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I need to find the probability of sampling a specific point on a Gaussian Distribution.

The catch is that the mean of the first Gaussian Distribution is itself sampled from a Gaussian Distribution.

The standard deviation is known, and the mean of the second distribution is 0.

So, calling the variable to sample y:

$ x \sim N(0, \rho) $

$ y\mid x \sim N(x, \sigma) $

To find out the probability of sampling y, I believe I should resolve:

$$ p(y) = \int^{+\infty}_{-\infty} p(y \mid x) \, p(x) \;\mathrm{d}x= \int^{+\infty}_{-\infty} \frac{1}{\sigma \sqrt{2 \pi}} \mathrm{e}^{- \frac{(y-x)^2}{2\sigma^2}} \frac{1}{\rho \sqrt{2 \pi}} \mathrm{e}^{- \frac{x^2}{2\rho^2}}\;\mathrm{d}x $$

which is the probability of sampling y from a Gaussian centered in x times the probability of sampling x from the other Gaussian, for every x.

I tried resolving it on wolframalpha but unfortunately it only works when you specify the standard deviations, while I'd like to have it parametric ( the experession will be evaluated in a program)

I also looked on the internet, but I only found situations in which both the normal distributions depended on the same variable.

I started deriving it by hand, but my calculus exam was long ago and I'm not sure I can do it correctly anymore and unfortunately I don't know any numerical computation program (like Matlab, Scilab, etc)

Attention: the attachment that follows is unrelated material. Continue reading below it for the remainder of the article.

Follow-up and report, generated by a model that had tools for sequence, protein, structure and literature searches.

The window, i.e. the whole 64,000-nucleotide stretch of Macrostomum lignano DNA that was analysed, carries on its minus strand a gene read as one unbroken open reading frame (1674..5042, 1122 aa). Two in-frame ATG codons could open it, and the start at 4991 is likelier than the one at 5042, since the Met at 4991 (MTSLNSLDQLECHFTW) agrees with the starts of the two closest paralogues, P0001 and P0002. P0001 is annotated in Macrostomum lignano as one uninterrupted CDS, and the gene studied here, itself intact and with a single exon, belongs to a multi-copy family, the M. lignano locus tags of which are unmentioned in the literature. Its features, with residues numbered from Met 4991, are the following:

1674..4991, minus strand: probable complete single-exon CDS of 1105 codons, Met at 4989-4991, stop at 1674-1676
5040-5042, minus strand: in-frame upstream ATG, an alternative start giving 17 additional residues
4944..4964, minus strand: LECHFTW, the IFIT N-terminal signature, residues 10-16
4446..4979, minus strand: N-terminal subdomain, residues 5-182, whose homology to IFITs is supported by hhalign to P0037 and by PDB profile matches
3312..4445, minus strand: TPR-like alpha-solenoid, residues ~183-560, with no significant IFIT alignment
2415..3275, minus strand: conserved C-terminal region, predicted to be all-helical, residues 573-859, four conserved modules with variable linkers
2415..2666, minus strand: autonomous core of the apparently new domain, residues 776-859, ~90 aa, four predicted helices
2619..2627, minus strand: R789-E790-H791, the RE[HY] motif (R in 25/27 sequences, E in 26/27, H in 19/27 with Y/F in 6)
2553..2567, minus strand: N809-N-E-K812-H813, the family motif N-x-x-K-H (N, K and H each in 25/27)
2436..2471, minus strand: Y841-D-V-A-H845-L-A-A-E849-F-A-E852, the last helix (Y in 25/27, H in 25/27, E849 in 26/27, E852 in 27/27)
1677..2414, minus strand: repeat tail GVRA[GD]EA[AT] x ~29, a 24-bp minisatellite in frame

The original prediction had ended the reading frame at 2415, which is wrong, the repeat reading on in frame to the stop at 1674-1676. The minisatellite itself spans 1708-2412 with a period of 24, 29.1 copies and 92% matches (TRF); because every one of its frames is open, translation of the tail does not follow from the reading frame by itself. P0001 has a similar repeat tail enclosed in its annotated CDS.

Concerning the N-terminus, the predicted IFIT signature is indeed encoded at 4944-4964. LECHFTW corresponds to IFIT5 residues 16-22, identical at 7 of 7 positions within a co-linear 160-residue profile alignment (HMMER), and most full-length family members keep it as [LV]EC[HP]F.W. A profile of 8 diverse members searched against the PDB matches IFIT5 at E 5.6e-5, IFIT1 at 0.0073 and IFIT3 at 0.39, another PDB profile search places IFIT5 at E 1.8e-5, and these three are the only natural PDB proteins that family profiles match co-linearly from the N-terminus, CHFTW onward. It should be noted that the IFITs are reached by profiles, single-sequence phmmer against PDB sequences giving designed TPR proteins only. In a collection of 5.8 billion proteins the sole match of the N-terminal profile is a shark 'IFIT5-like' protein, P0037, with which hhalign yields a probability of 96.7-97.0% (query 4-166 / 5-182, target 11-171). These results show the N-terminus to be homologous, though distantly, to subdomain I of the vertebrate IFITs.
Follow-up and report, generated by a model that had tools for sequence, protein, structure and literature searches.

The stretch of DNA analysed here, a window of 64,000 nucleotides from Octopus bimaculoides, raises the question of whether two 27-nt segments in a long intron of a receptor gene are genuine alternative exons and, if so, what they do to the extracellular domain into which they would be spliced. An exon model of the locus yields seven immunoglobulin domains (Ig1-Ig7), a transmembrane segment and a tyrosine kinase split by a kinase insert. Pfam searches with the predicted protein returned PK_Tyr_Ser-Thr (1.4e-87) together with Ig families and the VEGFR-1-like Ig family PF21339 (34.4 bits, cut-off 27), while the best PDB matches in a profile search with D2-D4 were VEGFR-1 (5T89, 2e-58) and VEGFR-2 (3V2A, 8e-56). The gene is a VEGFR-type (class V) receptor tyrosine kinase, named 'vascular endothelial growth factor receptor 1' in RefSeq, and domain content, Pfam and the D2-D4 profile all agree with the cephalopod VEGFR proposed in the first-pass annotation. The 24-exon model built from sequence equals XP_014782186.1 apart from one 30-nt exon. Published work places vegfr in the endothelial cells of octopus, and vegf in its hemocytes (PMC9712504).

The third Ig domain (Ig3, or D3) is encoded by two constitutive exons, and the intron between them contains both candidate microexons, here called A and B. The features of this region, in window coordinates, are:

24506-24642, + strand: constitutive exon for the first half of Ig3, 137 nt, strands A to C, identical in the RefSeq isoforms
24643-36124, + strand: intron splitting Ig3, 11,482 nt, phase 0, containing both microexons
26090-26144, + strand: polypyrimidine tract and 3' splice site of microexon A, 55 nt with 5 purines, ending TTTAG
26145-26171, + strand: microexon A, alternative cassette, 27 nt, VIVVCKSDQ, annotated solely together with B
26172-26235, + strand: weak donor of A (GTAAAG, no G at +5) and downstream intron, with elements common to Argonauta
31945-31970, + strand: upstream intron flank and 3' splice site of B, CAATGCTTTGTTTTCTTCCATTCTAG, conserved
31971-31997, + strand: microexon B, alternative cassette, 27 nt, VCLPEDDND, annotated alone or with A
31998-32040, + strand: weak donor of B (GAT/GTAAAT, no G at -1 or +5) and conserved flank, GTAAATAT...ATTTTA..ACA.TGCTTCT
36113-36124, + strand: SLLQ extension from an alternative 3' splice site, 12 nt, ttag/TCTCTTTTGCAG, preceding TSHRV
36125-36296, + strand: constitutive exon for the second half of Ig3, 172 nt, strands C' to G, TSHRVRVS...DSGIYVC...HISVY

How can I resolve the given integral to obtain an expression which only depends on y, $\sigma$ and $\rho$?

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    $\begingroup$ You might want to join forces with the author of this other question (and find a complete answer there). In your notations, $y\sim N(0,\sqrt{\rho^2+\sigma^2})$. $\endgroup$ – Did Feb 20 '16 at 9:57
  • $\begingroup$ The question you linked it extremely relevant! Thanks! Might you explain how you reached $ y \sim N(0, \sqrt{\rho^2 + \sigma^2}) $? If you mean that y is distrubted like that, you actually solved my question! It also makes sense from my experiments with various options for $\rho$ and $\sigma$ on wolfram $\endgroup$ – Makers_F Feb 20 '16 at 10:35
  • $\begingroup$ @Did I think this is the explaination math.stackexchange.com/questions/1663907/… Can you write that as an answer here, so that I can accept it and give you your deserved points? :) $\endgroup$ – Makers_F Feb 20 '16 at 10:41
  • $\begingroup$ This is rather standard: en.wikipedia.org/wiki/… $\endgroup$ – Did Feb 20 '16 at 11:23
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The value of the double defined integral is : $\quad\frac{1}{\sqrt{2\pi (\sigma^2+\rho^2) }}e^{-\frac{y^2}{2(\sigma^2+\rho^2)}}$

enter image description here

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  • $\begingroup$ Note that the integral proposed by you is different from the one in my question. More specifically, the second term in the integral should not depend on y (as that normal is centered on 0 and x is the variable). Am I correct? $\endgroup$ – Makers_F Feb 20 '16 at 10:50
  • $\begingroup$ The integral is the same as yours. I fact there was a muddle in typing. It is corrected now. $\endgroup$ – JJacquelin Feb 20 '16 at 11:10
  • $\begingroup$ Thanks! How would that change if we had multivariate normals instead? In my case the covariance matrix would be diagonal, so we can assume the components of the result vector are independant $\endgroup$ – Makers_F Feb 20 '16 at 11:45
  • $\begingroup$ That's something else. You may open another question with the spécifications of the integral and the symbols used in order to make consistent the answers. $\endgroup$ – JJacquelin Feb 20 '16 at 11:53

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